Like Sarah did several years ago, I mentioned our foray in having an au pair. We had had one from South Korea last summer, a relationship which ended pretty miserably. Despite our efforts to have fair and adjusted expectations of a young woman, age 20, from a culture with no nanny or babysitting culture, we were disappointed, frustrated, and fertig. Translation: stick a fork in us, DONE.
We naively made the initial compromises because we wanted a native Korean speaker who could teach our children Korean by building a loving relationship through regular contact with them. Unfortunately, unwittingly, we over-compromised as the young woman in question didn’t seem to have any real childcare experience, despite what we were lead (or wanted) to believe. It got to a point where the only expected responsibility she was able to fulfill was tidying the kitchen. Looking after more than one of my three children quickly put her out of her depth and some real safety issues came to surface (e.g., kids playing with her medication and her not telling us immediately about it). And although she was brave enough to become an au pair, she didn’t have enough courage to ride the local bus (which is a loop) to her language class alone. On top of that, even though she was a German major and we had interviewed and corresponded in German, she could only manage if I spoke (my rusty) Korean with her. Believe me, after that exhausting initial first month of Korean only, I switched us to German! No matter what language I spoke with her though, I always had a sinking feeling that we were not on the same page.
It was a rough two months of hoping against hope, investing a lot of time in drafting detailed weekly plans and finally riding out the requisite notice period of two weeks which left us so demoralized that I wasn’t sure if I could ever try having an au pair again. Lucky for us, an angel appeared in our Aupairworld.net inbox in the way of Aneta, a young woman from Poland, who had all the experience we could ever hope for: substantive experience working with children after working in a Kindergarten for half a year, wherewithal from studying and working in various countries on her own, and the ability to easily communicate with us all in English (German would have been just as fine for us). She even exceeded our expectations by having a preference to small cities, bringing an insistence to cook regularly for the family and a love for Korean food!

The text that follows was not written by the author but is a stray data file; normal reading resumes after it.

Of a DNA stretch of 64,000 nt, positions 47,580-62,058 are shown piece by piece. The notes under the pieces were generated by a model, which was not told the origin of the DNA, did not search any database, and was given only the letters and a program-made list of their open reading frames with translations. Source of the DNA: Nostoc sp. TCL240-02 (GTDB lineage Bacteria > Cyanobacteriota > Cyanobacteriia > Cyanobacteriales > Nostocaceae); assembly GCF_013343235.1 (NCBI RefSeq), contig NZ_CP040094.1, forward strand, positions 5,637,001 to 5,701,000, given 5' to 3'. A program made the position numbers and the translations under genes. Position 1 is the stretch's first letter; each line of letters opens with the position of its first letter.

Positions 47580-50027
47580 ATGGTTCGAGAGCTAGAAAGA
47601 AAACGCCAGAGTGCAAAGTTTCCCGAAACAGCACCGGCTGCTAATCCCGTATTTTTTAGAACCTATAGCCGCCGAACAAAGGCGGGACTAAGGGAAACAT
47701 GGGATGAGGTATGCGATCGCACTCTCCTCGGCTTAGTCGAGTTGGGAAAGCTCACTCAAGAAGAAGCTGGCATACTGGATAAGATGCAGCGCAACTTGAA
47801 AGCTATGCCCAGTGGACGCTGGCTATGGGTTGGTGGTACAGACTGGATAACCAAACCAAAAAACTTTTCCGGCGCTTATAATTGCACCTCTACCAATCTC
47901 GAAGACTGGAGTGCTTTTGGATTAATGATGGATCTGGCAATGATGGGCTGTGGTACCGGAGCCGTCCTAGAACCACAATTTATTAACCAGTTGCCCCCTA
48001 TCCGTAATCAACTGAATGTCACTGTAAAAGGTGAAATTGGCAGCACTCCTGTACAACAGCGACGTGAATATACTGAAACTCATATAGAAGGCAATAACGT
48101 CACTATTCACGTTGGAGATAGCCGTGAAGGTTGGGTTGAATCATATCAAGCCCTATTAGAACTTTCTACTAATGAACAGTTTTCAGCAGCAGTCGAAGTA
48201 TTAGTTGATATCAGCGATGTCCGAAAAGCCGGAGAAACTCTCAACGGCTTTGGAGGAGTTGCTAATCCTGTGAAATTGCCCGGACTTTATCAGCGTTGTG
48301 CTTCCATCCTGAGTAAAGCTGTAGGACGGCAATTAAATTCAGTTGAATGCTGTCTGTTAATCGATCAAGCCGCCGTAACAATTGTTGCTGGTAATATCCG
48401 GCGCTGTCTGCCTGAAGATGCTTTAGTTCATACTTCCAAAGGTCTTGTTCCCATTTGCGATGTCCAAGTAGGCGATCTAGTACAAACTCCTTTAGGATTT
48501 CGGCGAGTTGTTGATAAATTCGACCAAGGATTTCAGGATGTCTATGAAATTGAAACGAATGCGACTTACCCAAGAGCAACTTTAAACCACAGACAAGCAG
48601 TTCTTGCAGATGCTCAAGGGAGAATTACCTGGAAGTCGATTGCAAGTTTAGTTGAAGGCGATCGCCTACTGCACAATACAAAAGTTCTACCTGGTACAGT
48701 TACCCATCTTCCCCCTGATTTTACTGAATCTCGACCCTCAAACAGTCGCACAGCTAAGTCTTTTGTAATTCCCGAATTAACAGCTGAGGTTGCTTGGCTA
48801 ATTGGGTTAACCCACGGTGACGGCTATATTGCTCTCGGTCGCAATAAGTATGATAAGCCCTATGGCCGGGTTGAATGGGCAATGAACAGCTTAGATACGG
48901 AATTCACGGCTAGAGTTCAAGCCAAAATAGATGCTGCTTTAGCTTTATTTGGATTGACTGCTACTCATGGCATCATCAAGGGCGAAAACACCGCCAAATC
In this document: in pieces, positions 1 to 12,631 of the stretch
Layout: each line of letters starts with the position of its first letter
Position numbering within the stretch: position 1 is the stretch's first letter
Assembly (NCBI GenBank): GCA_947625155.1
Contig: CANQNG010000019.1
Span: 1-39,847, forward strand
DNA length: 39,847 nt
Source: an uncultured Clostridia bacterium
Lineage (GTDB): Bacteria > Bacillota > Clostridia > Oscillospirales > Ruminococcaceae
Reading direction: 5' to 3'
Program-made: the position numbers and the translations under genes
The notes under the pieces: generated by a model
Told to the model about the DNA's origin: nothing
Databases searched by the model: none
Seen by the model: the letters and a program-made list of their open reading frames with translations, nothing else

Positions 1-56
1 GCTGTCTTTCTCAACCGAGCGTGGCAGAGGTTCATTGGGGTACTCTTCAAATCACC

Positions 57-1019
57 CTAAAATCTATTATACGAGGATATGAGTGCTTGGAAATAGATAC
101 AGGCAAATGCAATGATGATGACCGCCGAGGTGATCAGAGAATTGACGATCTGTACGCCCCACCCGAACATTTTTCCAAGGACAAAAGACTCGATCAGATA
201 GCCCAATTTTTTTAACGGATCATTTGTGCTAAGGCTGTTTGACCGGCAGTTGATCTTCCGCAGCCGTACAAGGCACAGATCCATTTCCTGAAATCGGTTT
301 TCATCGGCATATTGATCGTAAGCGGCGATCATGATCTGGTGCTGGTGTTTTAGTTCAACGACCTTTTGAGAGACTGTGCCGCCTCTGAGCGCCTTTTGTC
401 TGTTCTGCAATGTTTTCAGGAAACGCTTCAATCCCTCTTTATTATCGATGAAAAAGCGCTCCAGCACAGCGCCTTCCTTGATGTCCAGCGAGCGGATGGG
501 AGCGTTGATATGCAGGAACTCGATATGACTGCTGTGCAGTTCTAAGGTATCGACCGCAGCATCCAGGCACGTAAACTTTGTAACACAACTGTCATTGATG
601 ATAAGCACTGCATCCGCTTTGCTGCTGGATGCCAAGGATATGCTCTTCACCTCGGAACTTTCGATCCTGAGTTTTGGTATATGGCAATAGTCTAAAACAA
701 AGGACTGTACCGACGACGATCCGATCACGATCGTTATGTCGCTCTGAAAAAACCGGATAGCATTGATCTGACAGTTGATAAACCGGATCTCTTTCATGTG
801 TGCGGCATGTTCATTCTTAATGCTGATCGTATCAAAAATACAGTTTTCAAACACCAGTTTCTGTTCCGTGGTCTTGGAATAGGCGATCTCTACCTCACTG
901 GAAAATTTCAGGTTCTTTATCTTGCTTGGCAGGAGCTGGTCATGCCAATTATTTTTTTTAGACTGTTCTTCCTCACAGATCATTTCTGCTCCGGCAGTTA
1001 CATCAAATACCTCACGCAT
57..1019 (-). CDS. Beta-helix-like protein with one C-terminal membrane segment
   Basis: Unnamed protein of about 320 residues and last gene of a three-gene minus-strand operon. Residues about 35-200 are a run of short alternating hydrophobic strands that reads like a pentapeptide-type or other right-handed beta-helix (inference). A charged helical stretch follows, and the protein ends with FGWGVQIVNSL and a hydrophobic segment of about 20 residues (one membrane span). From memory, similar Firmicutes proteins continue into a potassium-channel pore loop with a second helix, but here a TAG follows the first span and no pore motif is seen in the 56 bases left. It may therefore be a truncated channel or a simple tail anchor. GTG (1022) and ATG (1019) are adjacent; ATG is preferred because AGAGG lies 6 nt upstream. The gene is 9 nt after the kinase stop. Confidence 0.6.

Aneta is now an essential part of our family, and the two experiences we’ve had this summer with both au pairs has confirmed what we were expecting: When it works, having an au pair is a win-win for all: the kids, the au pair and the parents. When it doesn’t work, it is hell. I believe that there is a good match out there for most families who have a willingness to be patient with this hybrid of situations. By nature of how the program is set up, the au pair is part exchange student, part nanny.
In Germany, it is pretty straightforward to have an au pair so long as you are in some way a German-speaking household and you have children under the age of 18 in your household. The go to site for all things au pair is the aforementioned Au Pair World site. You will find there the short list of requirements to know if your family qualifies or not. Germany pays on the lower end of the au pair payscale in the EU but the stipends are all in the same ballpark. What you are expected to provide for the au pair are:
- a private room,
- a monthly stipend of 260 euros,
- a 50 euro contribution per month towards German language classes if s/he comes from a non-EU country, and
- insurance which covers health and liability. (We pay about 40 euros per month for this.)
All of this is laid out in the au pair contract which all au pairs and families are required to have. You will need this contract for the Anmeldung (registration) and getting any extra municipality-based benefits such as a discount or discount card at the VHS, library and other city resources.
If your au pair is coming from a non-EU country, you will also have to send an invitation letter in addition to the contract in order for her (I’m using only female pronouns but of course men can be au pairs too as Sarah can attest) to start the visa application process at the local German embassy. (Templates can be found in both German and English on the Au Pair World site.) You should calculate at least six weeks for the waiting period till the visa is likely to be issued. Note that the au pair has to demonstrate some basic German language skills in order to receive her initial 90-day visa, but this is only at the A1 level. Once your non-EU Au Pair is here, you need to register her at the Ausländerbehörde (foreigners’ office) and bring her to the Health Office (Gesundheitsamt) to get an exam and X-Ray done to show that she does not have tuberculosis. Needless to say, it is easier and less costly to have an au pair from an EU country. We have experienced both.